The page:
As of my last (half-way point) update, I was barely a third of the way to my target. Which gave me two choices, really – either resign myself to failure (and baldness), or pull out all the stops.
I really, really don’t want to be bald.
First order of business was completing Dishonored. Which took fucking ages - and still didn’t net me the full 100% gamerscore (because you have to complete it at least twice to do that… once as a giant hippy, and once as a homicidal psychopath who butchers his way through the city. I’ll let you guess which one I chose)
I also skipped the incredibly faffy – and more importantly time consuming - DLC¹ challenges, which meant Dishonored was put to bed with a mere 840 gamerscore.
840 points that took me almost a week to claim. Bumholes.
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There is a pernicious kind of argument which continues to crop up online, and it is the suggestion that there no such thing as real poverty in the UK.
Often there’s a comparison with Africa – because poor and starving people in the UK don’t look like the images we see on NSPCC adverts, so therefore they don’t exist, right?
“Are you telling me people in this country are going hungry? Seriously? I really have great trouble believing that. I don’t think people in this country go hungry. Are these people buying lottery tickets? Are they maybe buying the odd cigarette? I’d like to have some of these starving people in Britain produced.
There are real people starving in the world, and they’re not in the United Kingdom”
- Edwina Currie October 2011
This is a wholly facile argument. The existence of poor people in African countries does not negate the existence of poor people in the UK.
Last week I complained to the BBC about – in particular – BBC Breakfast’s appallingly pro-UKIP coverage (this actually got a bit worse after I sent my complaint, as anyone was watching will testify).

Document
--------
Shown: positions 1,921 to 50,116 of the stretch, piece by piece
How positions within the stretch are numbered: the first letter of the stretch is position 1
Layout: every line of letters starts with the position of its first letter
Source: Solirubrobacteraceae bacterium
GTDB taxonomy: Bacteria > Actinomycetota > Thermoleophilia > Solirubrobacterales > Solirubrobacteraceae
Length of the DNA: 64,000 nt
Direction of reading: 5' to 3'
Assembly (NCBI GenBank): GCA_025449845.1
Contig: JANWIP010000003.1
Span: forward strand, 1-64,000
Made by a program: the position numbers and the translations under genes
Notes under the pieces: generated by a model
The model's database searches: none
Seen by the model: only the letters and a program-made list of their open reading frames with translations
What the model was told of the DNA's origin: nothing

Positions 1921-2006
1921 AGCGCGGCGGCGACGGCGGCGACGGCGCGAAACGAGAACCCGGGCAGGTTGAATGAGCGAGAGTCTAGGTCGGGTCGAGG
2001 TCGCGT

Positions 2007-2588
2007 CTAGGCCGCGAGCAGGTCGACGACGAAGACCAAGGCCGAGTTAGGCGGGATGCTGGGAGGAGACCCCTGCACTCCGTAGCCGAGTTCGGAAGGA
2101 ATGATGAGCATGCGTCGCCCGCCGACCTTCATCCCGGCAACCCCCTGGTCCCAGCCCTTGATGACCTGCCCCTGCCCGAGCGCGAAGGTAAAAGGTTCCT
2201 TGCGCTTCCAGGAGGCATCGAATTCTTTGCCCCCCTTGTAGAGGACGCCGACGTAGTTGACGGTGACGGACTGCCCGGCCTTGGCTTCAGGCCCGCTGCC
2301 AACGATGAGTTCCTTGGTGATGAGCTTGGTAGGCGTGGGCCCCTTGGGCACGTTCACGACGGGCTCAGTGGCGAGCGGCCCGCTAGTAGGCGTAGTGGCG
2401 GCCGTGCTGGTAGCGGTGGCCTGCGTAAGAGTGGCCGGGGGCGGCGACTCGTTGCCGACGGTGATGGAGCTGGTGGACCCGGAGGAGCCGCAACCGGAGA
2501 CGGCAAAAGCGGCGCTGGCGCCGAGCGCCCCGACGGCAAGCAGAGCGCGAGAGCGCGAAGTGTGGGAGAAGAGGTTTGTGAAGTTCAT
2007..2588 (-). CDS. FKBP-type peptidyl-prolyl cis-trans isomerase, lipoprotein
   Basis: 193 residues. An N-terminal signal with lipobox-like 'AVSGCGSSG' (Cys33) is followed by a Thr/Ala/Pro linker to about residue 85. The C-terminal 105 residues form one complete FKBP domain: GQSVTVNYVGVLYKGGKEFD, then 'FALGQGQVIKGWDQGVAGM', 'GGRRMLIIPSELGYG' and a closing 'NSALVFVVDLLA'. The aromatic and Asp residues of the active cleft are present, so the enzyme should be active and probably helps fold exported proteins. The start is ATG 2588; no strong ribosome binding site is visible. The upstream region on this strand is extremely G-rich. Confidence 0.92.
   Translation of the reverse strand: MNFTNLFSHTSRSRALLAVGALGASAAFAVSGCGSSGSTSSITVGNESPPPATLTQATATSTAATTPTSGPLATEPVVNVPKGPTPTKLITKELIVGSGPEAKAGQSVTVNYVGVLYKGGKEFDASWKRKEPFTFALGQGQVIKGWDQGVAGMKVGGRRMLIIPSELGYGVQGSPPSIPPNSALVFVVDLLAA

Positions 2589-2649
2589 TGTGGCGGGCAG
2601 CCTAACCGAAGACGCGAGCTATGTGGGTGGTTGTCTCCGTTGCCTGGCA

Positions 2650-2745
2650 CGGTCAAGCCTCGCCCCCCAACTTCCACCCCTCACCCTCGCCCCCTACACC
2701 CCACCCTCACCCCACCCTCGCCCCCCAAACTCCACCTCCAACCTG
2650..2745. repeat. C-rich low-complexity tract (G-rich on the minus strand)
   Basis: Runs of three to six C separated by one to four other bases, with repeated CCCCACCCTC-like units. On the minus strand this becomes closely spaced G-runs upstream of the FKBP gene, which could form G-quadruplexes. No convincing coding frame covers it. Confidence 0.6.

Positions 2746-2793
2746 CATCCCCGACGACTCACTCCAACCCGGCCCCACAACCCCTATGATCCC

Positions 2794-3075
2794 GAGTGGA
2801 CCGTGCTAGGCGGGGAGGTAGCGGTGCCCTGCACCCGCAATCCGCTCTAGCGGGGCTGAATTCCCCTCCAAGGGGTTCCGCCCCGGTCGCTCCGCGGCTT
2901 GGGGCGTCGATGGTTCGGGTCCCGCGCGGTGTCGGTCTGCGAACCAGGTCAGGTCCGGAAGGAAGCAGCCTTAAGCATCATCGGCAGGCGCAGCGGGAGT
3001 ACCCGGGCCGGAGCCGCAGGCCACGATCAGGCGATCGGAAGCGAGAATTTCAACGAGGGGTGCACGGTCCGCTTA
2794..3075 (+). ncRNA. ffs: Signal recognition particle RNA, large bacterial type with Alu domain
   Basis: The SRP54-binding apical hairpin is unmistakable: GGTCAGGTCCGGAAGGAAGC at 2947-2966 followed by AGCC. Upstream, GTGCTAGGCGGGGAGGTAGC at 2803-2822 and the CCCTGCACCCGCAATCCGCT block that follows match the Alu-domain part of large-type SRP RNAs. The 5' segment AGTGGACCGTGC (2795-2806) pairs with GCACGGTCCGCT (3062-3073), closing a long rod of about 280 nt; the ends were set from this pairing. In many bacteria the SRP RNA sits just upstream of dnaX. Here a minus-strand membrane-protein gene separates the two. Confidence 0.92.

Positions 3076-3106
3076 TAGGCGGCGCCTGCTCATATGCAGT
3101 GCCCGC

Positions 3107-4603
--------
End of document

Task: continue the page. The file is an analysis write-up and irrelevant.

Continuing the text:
I got a response this morning:
In ‘catching up with several years ago on the internet’ news, I’ve finally got around to implementing a social login button – so you can login and comment using your existing social media accounts (like Twitter, Google… even Steam)
You may notice that there is a glaring omission in the list of available accounts, especially considering the ‘Like’ button only a few pixels above it, but Facebook login will be implemented, just as soon as I have some credit on my phone (don’t ask).
Weird ‘needing to SMS facebook to get things done’ shit aside, it’s like living in the future! If you’re currently trapped in some sort of space-time bubble that means you’re still living in 2002, I mean.
Obviously for those of you living in 2013 this is rather like living in the past, but you can all fuck off.
(actually, don’t. That would rather defeat the object of my making it easier for you to comment…)
Update (May 11th): and you should all be able to login via Facebook now as well, huzzah!
I wouldn’t normally bother with a full results analysis, but as the BBC – especially on TV – seems solely dedicated to trumpeting the ‘massive game-changing victory’ of UKIP, and with BBC One very quickly becoming ‘All Farage, All The Time’ I think a more bare-bones summary is needed from someone.
We have a first-past-the-post system, so vote share doesn’t actually matter. But it does give a broad idea of who people were voting for, if not where:
Targets and Expectations
Conservatives expected to lose between 300 and 500 councillors. In a similar local election circumstances in 2009 Gordon Brown’s Labour government lost 291 council seats and lost control of 4 councils
Labour expected to win the majority of the 291 councillors lost in 2009
In 2009, Tories gained 244 councillors and control of 7 councils.